In the practice of the method of the invention, the symbols are moved within the channel on the display board by either the individual or the therapist. The response of the person to the symbols and their movement is observed and on that basis an interpretation of his understanding of interpersonal separation is proposed.

It is an object of this invention to provide a method and apparatus which cause an individual to respond to stimuli which symbolize or represent patterns associated with separation.

It is a further object of this invention to provide a skilled observer with reliable information so that the individual may be assisted in coping with the stress. The device has at least two functions-as a diagnostic and a therapeutic tool. In diagnosis, the device is used to assess the response of a patient to separation and to predict a subsequent adaptation to the stress of separation. In therapy, the device can be manipulated by the patient to facilitate role playing.

In addition, it is an object of this invention to provide a device which is capable of use by an individual of any age group.

Other objects and advantages of the invention will be apparent from the following detailed description made with reference to the accompanying drawings.

BRIEF DESCRIPTION OF THE DRAWINGS

FIG. 1 is a front elevational view of a preferred embodiment of the invention;

FIG. 2 is a cross-sectional view taken along the line 2--2 of FIG. 1;

FIG. 3 is a cross-sectional view taken along the line 3--3 of FIG. 1;

FIG. 3A is an enlargement of a portion of FIG. 3;

FIG. 4 is a rear elevational view of the device and;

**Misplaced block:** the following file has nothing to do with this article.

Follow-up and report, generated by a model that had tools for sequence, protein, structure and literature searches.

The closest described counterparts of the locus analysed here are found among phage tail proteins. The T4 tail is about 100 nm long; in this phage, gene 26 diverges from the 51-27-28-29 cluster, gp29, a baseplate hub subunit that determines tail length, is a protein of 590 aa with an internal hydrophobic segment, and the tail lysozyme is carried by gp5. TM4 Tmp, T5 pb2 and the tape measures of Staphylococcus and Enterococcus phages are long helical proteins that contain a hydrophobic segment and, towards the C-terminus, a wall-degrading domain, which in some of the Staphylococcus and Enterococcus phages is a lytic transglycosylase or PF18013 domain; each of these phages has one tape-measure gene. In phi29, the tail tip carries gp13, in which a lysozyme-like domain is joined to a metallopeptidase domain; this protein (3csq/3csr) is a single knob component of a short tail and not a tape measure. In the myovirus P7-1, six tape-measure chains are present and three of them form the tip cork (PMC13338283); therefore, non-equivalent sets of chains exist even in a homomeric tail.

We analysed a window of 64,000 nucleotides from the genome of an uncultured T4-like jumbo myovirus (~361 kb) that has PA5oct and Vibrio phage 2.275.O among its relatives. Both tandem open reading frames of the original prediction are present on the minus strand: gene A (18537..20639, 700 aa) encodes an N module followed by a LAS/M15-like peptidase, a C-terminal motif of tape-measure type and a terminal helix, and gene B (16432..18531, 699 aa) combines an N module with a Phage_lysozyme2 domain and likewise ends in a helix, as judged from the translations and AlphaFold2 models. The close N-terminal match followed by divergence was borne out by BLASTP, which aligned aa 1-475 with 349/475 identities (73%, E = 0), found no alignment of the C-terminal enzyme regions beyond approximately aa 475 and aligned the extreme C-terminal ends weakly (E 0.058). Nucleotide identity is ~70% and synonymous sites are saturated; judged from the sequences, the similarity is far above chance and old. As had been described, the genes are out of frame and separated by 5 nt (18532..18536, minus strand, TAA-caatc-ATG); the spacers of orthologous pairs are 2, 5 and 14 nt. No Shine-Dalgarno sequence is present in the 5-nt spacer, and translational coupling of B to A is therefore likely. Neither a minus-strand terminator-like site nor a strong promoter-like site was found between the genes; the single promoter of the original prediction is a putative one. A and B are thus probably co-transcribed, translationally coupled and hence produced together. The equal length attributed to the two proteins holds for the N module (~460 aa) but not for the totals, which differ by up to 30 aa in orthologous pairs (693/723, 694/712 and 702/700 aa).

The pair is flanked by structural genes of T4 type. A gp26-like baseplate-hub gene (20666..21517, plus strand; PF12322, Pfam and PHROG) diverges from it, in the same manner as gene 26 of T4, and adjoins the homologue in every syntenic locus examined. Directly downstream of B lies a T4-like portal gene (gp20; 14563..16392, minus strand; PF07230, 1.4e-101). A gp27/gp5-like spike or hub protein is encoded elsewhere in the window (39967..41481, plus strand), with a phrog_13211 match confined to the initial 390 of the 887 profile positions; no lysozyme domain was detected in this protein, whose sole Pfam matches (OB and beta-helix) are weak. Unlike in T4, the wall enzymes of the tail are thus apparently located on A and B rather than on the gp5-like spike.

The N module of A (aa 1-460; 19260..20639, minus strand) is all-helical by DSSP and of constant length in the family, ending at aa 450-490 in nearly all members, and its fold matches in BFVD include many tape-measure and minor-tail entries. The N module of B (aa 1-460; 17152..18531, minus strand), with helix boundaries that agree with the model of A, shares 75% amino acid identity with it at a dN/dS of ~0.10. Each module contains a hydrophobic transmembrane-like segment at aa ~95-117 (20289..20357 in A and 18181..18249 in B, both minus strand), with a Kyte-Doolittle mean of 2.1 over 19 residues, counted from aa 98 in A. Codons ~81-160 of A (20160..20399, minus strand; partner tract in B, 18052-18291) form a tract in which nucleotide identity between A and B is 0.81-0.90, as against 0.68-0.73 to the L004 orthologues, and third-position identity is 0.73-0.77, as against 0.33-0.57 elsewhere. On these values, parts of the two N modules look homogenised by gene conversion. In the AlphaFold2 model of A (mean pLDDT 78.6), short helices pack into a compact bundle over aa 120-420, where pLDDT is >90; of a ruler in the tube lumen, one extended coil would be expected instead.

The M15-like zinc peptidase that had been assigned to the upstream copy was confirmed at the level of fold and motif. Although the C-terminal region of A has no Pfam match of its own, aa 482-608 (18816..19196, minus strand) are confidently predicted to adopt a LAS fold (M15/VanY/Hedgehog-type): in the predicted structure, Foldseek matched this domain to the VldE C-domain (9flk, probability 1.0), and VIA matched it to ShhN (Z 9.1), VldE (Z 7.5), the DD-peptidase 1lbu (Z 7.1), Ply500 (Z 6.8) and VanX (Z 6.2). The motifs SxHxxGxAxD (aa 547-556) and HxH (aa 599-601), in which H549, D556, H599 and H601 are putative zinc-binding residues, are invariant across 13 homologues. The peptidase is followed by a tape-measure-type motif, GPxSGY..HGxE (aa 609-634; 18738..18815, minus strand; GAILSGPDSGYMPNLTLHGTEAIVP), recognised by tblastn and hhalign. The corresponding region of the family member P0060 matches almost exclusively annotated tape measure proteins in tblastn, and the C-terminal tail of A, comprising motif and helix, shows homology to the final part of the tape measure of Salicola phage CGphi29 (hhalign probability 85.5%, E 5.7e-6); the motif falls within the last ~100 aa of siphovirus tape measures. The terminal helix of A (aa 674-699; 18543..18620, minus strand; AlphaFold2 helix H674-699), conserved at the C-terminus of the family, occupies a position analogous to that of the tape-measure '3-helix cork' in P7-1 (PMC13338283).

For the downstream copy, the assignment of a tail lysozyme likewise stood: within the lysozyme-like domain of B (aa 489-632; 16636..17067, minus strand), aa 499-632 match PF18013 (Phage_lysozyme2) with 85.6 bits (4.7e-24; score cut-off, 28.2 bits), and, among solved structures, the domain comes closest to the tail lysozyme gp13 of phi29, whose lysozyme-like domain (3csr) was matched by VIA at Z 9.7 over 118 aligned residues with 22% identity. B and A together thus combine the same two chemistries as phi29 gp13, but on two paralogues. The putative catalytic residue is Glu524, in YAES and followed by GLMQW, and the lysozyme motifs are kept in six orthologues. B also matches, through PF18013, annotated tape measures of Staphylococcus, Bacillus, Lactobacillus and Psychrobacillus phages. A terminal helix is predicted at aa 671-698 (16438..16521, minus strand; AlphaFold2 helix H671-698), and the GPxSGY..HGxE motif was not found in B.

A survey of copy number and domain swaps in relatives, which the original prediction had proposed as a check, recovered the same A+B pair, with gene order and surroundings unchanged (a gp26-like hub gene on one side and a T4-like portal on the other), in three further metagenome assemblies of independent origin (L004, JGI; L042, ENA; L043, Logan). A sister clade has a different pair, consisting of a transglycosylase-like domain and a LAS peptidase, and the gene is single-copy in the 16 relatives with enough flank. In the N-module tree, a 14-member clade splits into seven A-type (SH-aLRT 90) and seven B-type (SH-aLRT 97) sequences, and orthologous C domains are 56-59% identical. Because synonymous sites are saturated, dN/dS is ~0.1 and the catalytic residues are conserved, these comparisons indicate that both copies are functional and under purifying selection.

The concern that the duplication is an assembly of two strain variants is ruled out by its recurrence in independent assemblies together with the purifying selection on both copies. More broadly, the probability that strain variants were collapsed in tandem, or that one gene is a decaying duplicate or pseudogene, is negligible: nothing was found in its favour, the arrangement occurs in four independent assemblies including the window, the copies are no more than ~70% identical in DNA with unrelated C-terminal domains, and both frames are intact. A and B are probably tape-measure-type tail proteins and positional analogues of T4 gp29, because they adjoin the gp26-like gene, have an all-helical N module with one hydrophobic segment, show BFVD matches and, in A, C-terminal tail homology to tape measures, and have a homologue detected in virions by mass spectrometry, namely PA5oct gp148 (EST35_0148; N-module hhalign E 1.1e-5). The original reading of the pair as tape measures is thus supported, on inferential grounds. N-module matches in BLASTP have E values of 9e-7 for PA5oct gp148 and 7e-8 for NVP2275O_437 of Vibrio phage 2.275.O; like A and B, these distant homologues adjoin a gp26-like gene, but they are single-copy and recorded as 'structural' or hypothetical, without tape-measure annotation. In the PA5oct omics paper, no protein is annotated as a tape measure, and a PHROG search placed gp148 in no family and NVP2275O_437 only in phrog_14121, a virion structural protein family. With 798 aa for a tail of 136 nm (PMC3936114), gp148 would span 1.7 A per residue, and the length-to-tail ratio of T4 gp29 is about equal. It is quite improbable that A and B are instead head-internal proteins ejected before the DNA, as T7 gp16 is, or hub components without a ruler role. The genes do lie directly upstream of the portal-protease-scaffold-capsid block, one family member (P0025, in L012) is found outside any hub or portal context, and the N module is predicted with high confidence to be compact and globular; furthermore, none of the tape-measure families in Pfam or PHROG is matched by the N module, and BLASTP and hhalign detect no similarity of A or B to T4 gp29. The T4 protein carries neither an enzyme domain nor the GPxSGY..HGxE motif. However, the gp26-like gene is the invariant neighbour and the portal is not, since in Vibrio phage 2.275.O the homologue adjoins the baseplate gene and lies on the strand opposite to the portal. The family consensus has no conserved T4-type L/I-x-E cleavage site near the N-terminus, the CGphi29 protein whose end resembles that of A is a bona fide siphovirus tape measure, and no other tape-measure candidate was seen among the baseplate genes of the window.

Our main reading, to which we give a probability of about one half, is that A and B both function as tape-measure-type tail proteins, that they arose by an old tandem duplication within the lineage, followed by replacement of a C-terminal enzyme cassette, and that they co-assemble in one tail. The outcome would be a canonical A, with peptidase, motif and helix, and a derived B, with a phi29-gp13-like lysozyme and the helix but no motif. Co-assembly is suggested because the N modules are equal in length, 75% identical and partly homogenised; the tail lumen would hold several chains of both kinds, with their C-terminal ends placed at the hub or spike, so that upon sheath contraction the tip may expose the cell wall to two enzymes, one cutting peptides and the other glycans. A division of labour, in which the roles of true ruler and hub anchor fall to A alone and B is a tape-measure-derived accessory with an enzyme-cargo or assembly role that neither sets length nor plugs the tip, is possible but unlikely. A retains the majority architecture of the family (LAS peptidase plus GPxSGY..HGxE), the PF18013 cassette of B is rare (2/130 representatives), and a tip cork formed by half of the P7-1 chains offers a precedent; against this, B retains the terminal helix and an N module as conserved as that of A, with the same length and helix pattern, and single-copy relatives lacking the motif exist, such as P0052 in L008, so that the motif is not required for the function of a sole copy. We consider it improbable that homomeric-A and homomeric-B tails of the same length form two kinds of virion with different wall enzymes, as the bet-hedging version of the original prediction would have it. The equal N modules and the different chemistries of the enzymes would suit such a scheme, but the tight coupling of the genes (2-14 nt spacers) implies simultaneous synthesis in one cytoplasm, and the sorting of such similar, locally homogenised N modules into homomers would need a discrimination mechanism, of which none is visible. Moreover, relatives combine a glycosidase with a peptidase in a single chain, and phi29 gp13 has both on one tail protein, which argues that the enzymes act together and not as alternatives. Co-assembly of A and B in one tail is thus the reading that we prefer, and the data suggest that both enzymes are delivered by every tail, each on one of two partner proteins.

FIG. 5 is a perspective view of the device in a partially folded position.

DETAILED DESCRIPTION OF THE INVENTION

Referring to FIG. 1, it will be seen that the device of the invention comprises a display board 10 having a channel 12 which extends transversely across and through the surface of the board. The board 10 is provided, preferably, with a pair of symbols 16 or other objects which can be displayed to a patient. A recess 14 is located parallel and adjacent to each side of the channel 12 so that the symbols can be positioned in the channel 12 and recesses 14 for movement along the board in a manner to be described.

Side panels 18, positioned perpendicular to the length of channel 12, may be provided to selectively permit the symbols to be concealed from view upon movement of the symbol to either end of the channel 12. A movable panel 20 provided with legs 22 may also be included to conceal the symbols from the view of the patient. Tracks 24, extending parallel to the channel, one on each side thereof, are provided in the board 10 to retain and guide legs 22 of the movable panel.

FIGS. 2 and 3 illustrate in greater detail the construction of the channel 12 and the movable panel 20. The panel 20 is supported in close proximity with the board 10 by legs 22; the panel 20 may be moved along the tracks 24 to cover any portion of the channel normally visible to view.

The purpose of the symbols 16 is to represent persons, other objects or events involved in separation. The symbols may take the form of a series of geometric shapes, stick figures or caricatures. Children may be presented with a display of cartoon characters to increase their familiarity with the displayed symbols. For that purpose, the surface of the symbols may be provided with "Velcro" to temporarily attach the various figures thereto.

Another display which readily elicits responses from a patient involves the display of photographs. If, for example, two symbols are displayed, one symbol may be a photograph of the patient, while the other symbol is a photograph of a familiar person, place or thing. In short, the number of useful combinations which can be presented is infinite.

As illustrated in FIGS. 3 and 3A, the symbols 16 are held within the channel 12 by a supporting means 26, such as a length of dowel rod or a bar. The supporting means 26 is connected to the symbol 16 by a suitable adhesive or may be formed integrally therewith. Support means 26 extends through the channel to the rear of the board; it terminates in a member 27 which extends beyond the board and is shaped to facilitate manipulation of the symbols from the rear of the board. In this manner, the symbols 16 are capable of being moved within the channel 12 and recesses 14 across the width of the board.